Daddy Was A Thief

Universal Rating: 12+

Daddy Was A Thief is a game from Cezary Rajkowski, originally released 9th May, 2013


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Daddy Was a Thief Review

Daddy Was a Thief is designed for those who want to pick up a game and play it immediately. The game fills you in on the story with a quick opening sequence: In a comic book-like series of panels, you come to understand that Daddy was fired from his job. Thinking of his wife and child, he dons a mask and heads to the nearest bank.

Daddy Was a Thief is an endless runner. Each new game begins with Daddy escaping a bank from the rooftop and hopping across to a nearby apartment building. From there, your job is to jump and smash through the floor to get into the apartment below you. Each level of the building contains any number of objects. You might find coins or appliances that break into more coins. You might also find a bathtub, and if you jump into will smash through five or six floors. Finally, you might find policemen with itchy trigger fingers. Being hit by their bullets means game over.


The actual mechanics of the game are incredibly simple. Daddy will run back and forth in the small apartment, turning to run the other way when he hits a wall. If you swipe down, Daddy will jump and smash himself through the floor. If you swipe up, Daddy will do a basic jump to avoid obstacles or stray bullets.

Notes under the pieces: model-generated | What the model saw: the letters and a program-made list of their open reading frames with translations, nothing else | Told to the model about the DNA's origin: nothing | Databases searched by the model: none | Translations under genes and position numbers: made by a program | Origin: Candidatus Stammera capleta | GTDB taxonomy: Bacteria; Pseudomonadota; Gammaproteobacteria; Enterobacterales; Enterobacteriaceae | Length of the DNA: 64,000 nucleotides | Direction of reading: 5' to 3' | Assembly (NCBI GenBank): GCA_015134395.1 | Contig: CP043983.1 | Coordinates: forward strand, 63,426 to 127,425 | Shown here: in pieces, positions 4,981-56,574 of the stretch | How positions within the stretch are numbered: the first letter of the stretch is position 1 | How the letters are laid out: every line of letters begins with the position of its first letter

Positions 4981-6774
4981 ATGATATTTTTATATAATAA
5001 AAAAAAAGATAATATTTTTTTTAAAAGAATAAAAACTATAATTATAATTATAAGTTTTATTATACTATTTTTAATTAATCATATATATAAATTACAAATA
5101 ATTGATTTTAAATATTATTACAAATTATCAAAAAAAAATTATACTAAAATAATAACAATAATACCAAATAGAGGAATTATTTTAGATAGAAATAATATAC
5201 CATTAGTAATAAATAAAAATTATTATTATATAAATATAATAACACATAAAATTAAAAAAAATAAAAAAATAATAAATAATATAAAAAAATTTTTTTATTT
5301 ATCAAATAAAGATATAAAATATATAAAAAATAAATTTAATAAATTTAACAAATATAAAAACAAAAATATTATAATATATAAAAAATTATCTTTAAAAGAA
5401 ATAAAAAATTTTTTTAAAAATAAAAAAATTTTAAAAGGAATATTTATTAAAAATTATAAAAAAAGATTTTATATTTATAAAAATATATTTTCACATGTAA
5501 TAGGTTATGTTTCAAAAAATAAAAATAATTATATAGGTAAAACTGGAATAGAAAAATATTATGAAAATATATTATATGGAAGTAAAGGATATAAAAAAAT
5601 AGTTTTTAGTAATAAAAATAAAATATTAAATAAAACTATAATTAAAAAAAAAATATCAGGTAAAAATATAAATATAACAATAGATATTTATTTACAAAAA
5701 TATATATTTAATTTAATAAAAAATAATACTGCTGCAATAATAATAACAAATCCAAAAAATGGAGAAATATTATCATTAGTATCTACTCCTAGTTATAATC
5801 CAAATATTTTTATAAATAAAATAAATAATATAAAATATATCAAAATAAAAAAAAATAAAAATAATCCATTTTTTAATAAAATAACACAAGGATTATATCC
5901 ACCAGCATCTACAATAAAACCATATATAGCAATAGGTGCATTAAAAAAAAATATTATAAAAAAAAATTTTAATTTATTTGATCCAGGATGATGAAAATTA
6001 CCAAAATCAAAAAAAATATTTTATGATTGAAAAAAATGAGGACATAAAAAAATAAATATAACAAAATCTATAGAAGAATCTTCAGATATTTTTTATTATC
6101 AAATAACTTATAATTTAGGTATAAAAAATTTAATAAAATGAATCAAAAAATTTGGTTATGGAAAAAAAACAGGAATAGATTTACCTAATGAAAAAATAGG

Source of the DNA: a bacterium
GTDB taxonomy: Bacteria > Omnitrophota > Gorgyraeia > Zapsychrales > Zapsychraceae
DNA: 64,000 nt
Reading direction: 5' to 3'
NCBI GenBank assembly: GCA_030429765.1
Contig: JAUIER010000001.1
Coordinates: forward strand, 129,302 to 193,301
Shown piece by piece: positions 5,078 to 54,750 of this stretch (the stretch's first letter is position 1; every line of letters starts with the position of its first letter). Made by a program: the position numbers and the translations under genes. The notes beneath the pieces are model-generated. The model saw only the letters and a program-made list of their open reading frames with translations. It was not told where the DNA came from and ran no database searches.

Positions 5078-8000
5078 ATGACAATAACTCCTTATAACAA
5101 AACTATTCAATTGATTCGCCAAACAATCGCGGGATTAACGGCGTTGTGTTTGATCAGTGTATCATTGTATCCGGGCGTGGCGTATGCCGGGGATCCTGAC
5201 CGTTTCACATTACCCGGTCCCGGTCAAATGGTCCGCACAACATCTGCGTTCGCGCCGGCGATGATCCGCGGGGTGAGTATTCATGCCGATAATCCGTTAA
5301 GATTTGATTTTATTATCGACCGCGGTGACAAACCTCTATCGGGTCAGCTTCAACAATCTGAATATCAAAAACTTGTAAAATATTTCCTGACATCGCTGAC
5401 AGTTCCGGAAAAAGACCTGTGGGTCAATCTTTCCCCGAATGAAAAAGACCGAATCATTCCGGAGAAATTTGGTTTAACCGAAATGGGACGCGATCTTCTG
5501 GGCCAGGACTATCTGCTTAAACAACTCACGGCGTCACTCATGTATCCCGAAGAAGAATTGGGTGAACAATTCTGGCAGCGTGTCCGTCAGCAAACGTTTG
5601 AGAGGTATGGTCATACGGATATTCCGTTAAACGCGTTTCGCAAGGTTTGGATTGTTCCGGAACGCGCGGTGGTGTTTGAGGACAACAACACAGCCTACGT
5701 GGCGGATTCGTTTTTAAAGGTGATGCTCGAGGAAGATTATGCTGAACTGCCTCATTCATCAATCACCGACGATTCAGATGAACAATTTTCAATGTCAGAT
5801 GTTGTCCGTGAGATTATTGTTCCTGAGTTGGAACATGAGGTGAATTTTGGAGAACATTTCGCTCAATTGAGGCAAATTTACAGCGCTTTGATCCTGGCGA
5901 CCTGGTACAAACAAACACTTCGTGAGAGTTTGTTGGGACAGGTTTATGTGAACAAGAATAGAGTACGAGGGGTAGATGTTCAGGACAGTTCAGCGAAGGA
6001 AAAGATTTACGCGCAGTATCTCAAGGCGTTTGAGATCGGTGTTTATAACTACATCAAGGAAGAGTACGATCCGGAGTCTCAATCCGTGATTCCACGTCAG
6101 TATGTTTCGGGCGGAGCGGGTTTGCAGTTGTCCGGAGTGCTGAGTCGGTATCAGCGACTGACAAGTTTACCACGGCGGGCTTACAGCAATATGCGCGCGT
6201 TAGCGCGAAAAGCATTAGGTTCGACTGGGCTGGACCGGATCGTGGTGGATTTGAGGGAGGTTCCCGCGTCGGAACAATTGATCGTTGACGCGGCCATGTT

Daddy Was a Thief tries to hook you by offering a vault of unlockable costumes and power-ups. Each time you play, you earn experience points. The level of your character unlocks new items for you to purchase using the coins you find in the building. Items like costumes offer no gameplay advantage, but you can purchase a strength formula to make Daddy stronger or magnets to attract coins. Some of these items will remain throughout the game, while others are single-use only.


While the ultra-simple controls and game mechanics are certainly a draw, Daddy Was a Thief feels lacking. While we enjoyed the game every time we played, there was nothing pulling us to play just once more. The unlockables are a fun distraction, but they don’t feel big enough to warrant another fifteen minutes of playtime. Maybe if the developers add in some new content with an update, like missions, we might find this game a bit more addictive.